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Sunday, June 19, 2011

Daddy

It's been another great Father's Day around the Barron household. Nothing crazy or extreme (which is how I like it since our family tends to be going 90 mph most of the time). We got up, went to church, had Po' Boy sandwiches (Lisa-style) for lunch, spent a little bit of time by the pool and then hung out at the house. I love my life. I love my kids. I love being a daddy.

The day started with an interesting question from Lisa. We had just finished our morning prayer time. We were laying in the bed chatting in those last few minutes before we had to get up and get going.

"Rid..."

When Lisa starts a sentence like that, I know something good is about to come out. Usually its some great thought or a thought-provoking question. This morning it was this question. "What are your three best memories of your dad...not counting him being the biggest fan at all your ballgames growing up?"

For those who are newer to my blog, my dad passed away in February, 2004--just two months before the accident that took my wife and son. He was, indeed, one of my biggest fans (along with my mom) from the moment I stepped onto my first playing field at age 7. Her question got my head to thinking. With just a few words, Lisa had opened a flood gate of feelings and emotions that I had not thought about in many months.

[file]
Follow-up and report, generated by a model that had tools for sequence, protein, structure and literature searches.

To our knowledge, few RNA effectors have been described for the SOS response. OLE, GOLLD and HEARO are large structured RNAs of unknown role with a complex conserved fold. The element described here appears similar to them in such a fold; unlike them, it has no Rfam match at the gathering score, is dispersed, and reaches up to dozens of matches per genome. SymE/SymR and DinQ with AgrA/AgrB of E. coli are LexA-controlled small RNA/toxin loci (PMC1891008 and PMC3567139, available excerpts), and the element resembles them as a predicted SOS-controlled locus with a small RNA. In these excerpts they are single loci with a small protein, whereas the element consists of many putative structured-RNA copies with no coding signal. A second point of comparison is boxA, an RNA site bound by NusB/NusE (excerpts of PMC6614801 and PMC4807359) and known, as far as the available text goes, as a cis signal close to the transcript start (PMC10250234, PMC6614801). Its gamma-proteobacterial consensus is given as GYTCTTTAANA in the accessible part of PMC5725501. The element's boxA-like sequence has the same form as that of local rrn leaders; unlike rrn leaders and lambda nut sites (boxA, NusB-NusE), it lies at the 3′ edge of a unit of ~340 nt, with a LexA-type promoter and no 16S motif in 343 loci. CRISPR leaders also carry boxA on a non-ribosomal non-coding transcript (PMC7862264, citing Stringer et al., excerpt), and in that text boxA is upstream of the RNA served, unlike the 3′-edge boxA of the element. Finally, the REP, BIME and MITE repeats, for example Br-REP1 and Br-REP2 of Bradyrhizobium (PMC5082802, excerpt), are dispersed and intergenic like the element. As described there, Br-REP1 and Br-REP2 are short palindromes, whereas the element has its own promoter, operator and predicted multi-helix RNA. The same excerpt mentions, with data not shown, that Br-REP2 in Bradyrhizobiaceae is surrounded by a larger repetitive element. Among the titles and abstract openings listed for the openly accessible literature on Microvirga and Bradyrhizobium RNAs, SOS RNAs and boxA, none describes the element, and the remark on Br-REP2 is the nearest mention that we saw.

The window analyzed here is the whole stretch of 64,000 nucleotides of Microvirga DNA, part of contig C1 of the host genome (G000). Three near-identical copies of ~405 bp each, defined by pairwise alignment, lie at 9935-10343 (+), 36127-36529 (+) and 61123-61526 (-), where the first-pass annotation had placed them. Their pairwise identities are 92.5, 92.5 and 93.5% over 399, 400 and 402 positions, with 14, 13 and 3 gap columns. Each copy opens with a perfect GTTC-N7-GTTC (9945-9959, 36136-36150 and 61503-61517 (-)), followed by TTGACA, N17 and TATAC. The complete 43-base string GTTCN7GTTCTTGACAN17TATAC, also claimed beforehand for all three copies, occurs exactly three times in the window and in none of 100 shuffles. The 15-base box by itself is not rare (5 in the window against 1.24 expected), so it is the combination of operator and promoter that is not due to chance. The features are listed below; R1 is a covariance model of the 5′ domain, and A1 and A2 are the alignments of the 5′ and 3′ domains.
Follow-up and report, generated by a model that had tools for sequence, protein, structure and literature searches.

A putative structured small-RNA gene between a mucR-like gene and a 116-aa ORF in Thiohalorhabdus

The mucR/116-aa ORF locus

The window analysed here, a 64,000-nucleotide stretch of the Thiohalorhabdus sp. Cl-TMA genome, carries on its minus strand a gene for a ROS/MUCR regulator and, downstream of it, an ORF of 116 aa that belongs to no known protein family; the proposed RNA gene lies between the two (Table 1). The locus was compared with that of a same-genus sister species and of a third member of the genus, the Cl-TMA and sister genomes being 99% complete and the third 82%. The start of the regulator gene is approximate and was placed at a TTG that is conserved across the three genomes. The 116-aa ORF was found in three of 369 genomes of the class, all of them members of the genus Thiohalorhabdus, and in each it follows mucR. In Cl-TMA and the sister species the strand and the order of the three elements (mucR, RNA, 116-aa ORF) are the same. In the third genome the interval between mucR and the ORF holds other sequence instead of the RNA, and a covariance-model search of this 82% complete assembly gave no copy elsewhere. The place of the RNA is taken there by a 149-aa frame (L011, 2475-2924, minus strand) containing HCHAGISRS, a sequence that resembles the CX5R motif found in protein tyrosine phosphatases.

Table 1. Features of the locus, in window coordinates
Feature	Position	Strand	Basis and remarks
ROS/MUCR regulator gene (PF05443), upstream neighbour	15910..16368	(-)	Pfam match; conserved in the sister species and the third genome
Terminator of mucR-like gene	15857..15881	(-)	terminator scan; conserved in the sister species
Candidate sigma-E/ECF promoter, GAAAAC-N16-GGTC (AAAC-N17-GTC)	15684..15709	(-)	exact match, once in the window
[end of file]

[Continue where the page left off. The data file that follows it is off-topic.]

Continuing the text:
I didn't realize how much I missed my dad. I shared my first two thoughts (actually, I cheated and rattled off about 6 or 7), then I paused. The last one was one of my favorite and I had purposely saved it to bring up the rear.

I've always been an early riser, even as a kid. Many mornings, I would get up early and cross the hall at our house in Columbus, Georgia. Daddy would have already shaved and crawled back into bed next to mom. I would slip around to his side of the bed and crawl in underneath the sheets. There, in the last minutes before the sun would crash through his window, daddy and I would lay and listen to "Cousin Al." (Cousin Al was a local radio personality on the AM dial who played country music, talked about RC Colas and moon pies and spun his own brand of homespun humor.). But as I recounted the memory to Lisa, I was pushed back in my mind to those mornings long ago. The warmth of my daddy as he put his huge arm around my shoulders. The smell of his after-shave as it cascaded around the pillow and sheets. Mom laughing at the two of us as we cackled at Al's goofy sense of humor.

I was a very blessed kid. I guess I still am. Do you really ever outgrow the positive impact of the people who mean the most to you growing up--moms and dads, teachers and coaches, grandparents? I know that, even 7 years after he has gone, my daddy still holds a powerful place in my heart and mind.

My prayer of thanks goes out today for all of those men who today hold the "daddy" role for someone. Not all of you are "fathers" but many of you are "daddies" in the truest sense of the word. And my prayer also goes out to so many who never knew their dad or never had the positive influence of a loving daddy in their life. I pray you may come to know the love of the best Father, indeed, the only Father who can love you purely.

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